On New Year’s Day, in Derry, a massive Improvised Explosive Device (IED) destroyed an APC killing the eight occupants. A second one two hours lather badly damaged another APC, killing three of the soldiers inside. PDF investigators working with their British counterparts determined that the weapon was modelled on IEDs used in Iraq, which indicated that recent veterans were part of the CLMC.
In Dublin, demonstrations against the massive social spending cuts, tax rises, and casualties in the North were becoming commonplace.
With a week to go to British withdrawal, a shop-sold €150 drone landed outside Google’s Dublin headquarters in Barrow Street and exploded, shattering windows, injuring dozens and killing two Reserve Gardai trying to clear the street. Another drone was shot down by a quick-witted Garda ERU officer on duty outside Intel’s facility in Kildare.
The CLMC released a statement saying that all foreign investment in the republic would be a priority target until the republic ended its occupation.
A drone, unconnected with terrorism, caused a stampede on Dublin’s Henry street when it appeared over the busy shopping area, resulting in the crushing to death of a pensioner and two children.
The Continuity IRA then announced that it would fight alongside Irish forces to eradicate the “Loyalist traitors of Ulster”, and claimed credit for shooting a lading Loyalist community spokesperson two hours later.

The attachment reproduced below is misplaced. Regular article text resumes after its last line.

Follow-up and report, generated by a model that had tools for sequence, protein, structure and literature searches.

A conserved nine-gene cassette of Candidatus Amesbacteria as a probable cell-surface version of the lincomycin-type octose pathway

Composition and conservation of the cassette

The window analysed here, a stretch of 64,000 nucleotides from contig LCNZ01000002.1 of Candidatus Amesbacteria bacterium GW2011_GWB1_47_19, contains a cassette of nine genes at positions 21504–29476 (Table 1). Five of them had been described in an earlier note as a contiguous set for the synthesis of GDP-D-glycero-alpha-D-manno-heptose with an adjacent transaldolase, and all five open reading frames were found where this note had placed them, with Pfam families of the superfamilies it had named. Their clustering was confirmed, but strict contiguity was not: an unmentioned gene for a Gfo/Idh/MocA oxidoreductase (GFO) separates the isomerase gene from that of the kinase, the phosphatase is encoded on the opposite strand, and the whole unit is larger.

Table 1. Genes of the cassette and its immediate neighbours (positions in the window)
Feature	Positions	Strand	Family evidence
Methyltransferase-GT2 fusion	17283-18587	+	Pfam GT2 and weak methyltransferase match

More rioting ensued, with the PDF killing a Catholic teenager with a plastic bullet.
With days to go, the cabinet met in session, with both the chief of staff and the Garda commissioner sitting in.
After six hours of discussion, the Taoiseach addressed the nation.
He had spoken with the British prime minister, he said, and both agreed that the current situation was intolerable. As a result, both had decided that British withdrawal would be postponed indefinitely, and that instead the Irish government would agree to contribute €10 billion to the British exchequer provided the British didn’t leave.
He also informed the country that the prime ministers of Australia and New Zealand had agreed to deploy peacekeeping troops under a UN mandate to Northern Ireland.
Across Ireland, armchair Republicans screamed at the TV screen, spilling Dutch Gold and Pringles everywhere.